Christian non-realism is essentially an approach to one’s Christian faith which interprets the ‘magical’ aspects of Christianity as metaphor. Christian non-realists reject all the supernatural elements of the faith, and do not believe in an objective being or thing called God. The word ‘God’ is used in a plethora of different ways, but never to describe a force which is beyond the laws of nature. God is not a thing or a being, but rather an experience, an experience of the subjectively impossible being actualized into our lives, an experience of finding hope in hopelessness, a word which articulates something of the quality of sacred space, and a word which somehow describes something beyond words.
Christianity then, is not uniquely privileged, but rather is a language through which the ordinary everyday experiences of us all can be understood and interpreted; a language which we inherit from our ancestors, which orientates us within a narrative through which we can draw out meaning and purpose for our lives.
This narrative in which we situate ourselves is not static, but ever evolving as we grow in our understanding of who we are in relation to God. The Bible then can be taken as an extract from this meta-story of humanity seeking to comprehend itself and how it relates to God.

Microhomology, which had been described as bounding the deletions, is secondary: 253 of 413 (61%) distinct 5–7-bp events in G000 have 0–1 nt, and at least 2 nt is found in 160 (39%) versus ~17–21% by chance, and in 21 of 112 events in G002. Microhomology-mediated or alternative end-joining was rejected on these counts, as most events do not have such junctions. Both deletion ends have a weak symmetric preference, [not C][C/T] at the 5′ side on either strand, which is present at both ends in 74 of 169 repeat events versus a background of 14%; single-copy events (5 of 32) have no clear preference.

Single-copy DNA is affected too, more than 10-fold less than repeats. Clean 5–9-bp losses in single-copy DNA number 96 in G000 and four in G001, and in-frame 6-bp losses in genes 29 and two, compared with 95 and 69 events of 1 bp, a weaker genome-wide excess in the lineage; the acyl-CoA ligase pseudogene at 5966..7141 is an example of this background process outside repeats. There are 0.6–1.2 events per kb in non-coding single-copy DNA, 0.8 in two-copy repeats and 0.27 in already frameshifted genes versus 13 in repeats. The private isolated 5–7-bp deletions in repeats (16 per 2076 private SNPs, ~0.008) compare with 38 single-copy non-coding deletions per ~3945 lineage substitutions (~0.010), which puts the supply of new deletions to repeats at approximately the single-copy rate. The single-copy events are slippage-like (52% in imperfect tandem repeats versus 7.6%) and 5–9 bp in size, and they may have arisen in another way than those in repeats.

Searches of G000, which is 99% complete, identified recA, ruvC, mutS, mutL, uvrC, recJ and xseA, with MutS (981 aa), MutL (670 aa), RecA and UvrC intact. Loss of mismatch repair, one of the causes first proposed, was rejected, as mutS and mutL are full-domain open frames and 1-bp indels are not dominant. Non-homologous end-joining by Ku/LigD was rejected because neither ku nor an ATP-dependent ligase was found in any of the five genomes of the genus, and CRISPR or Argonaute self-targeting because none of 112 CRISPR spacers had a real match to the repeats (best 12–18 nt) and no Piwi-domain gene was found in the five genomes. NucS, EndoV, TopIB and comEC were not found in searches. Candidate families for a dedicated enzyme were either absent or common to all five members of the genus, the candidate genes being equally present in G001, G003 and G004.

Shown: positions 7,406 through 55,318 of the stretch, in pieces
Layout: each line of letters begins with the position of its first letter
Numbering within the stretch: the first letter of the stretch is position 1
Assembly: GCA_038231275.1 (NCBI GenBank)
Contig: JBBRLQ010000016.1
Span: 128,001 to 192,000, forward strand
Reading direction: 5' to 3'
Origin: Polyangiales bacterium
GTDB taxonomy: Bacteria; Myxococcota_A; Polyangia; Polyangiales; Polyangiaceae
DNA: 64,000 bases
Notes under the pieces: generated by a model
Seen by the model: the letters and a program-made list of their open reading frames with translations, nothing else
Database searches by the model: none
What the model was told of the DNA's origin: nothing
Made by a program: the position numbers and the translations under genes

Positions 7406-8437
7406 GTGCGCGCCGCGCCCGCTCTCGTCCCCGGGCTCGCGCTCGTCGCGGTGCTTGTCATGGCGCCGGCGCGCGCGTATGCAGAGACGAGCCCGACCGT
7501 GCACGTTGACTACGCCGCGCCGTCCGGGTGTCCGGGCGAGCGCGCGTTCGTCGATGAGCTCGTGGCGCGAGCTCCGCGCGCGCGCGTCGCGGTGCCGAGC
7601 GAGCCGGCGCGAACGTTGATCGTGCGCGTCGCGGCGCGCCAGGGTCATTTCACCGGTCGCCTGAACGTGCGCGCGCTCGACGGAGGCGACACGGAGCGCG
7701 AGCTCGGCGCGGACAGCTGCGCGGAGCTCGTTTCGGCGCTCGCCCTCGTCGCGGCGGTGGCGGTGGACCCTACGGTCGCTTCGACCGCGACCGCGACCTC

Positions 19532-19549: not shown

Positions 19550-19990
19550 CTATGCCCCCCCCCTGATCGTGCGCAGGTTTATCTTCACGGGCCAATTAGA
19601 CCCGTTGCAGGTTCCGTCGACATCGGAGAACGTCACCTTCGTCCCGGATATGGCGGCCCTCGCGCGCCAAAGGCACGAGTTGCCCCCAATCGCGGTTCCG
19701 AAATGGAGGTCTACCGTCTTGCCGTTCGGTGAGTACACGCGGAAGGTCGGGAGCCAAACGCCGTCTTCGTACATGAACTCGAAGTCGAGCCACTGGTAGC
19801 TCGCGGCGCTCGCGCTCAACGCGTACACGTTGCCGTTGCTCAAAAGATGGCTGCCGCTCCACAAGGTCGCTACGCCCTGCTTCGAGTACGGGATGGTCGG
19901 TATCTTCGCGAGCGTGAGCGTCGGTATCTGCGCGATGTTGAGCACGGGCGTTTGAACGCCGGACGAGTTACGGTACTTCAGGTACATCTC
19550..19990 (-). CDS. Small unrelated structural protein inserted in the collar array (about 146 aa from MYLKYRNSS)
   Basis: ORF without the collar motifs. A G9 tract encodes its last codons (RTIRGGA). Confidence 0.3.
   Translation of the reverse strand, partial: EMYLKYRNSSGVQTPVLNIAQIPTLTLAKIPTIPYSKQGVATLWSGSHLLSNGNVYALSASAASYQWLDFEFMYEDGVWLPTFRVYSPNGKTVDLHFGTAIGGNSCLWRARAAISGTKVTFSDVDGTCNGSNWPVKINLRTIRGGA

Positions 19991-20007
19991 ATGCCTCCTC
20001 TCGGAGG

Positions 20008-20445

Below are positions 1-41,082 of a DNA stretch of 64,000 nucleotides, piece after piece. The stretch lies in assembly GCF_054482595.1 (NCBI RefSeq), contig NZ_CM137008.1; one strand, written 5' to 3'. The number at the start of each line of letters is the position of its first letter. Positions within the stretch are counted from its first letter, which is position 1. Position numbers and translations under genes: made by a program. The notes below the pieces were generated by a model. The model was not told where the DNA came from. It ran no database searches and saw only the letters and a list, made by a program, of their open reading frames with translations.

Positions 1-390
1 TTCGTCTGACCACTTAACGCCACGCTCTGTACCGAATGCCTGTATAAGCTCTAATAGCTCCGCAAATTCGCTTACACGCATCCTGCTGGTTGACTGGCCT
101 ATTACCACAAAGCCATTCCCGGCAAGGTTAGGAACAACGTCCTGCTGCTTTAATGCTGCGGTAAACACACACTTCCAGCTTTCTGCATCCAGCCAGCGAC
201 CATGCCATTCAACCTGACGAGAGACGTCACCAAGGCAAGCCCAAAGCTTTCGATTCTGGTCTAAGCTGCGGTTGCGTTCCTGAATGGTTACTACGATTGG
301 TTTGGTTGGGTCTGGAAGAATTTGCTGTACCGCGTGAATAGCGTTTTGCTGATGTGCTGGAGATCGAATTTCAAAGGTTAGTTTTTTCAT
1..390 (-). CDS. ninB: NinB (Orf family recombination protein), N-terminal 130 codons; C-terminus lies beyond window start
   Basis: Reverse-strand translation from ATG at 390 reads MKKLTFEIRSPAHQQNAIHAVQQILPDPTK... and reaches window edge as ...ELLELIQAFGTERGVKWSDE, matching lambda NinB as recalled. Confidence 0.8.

Of course for non-realists the figure of Jesus himself, as is the case with all Christians, is of central import. In Jesus we have the principal metaphor of God being incarnated upon earth and dying, God choosing to self-annihilate. Click Here – for another article I wrote on Death of God Theology.
Being a Christian non-realist is a challenging perspective to hold, for it confounds orthodox Christians and irritates Atheists, because it challenges common assumptions in both camps. It is a perspective which seems to have had its day in the established church, and in part this led to my decision to leave Anglican ministry and pursue Unitarian ministry. I feel that Christian Non-Realism fits better into a Unitarian context, for the culture within Unitarianism is more egalitarian in nature.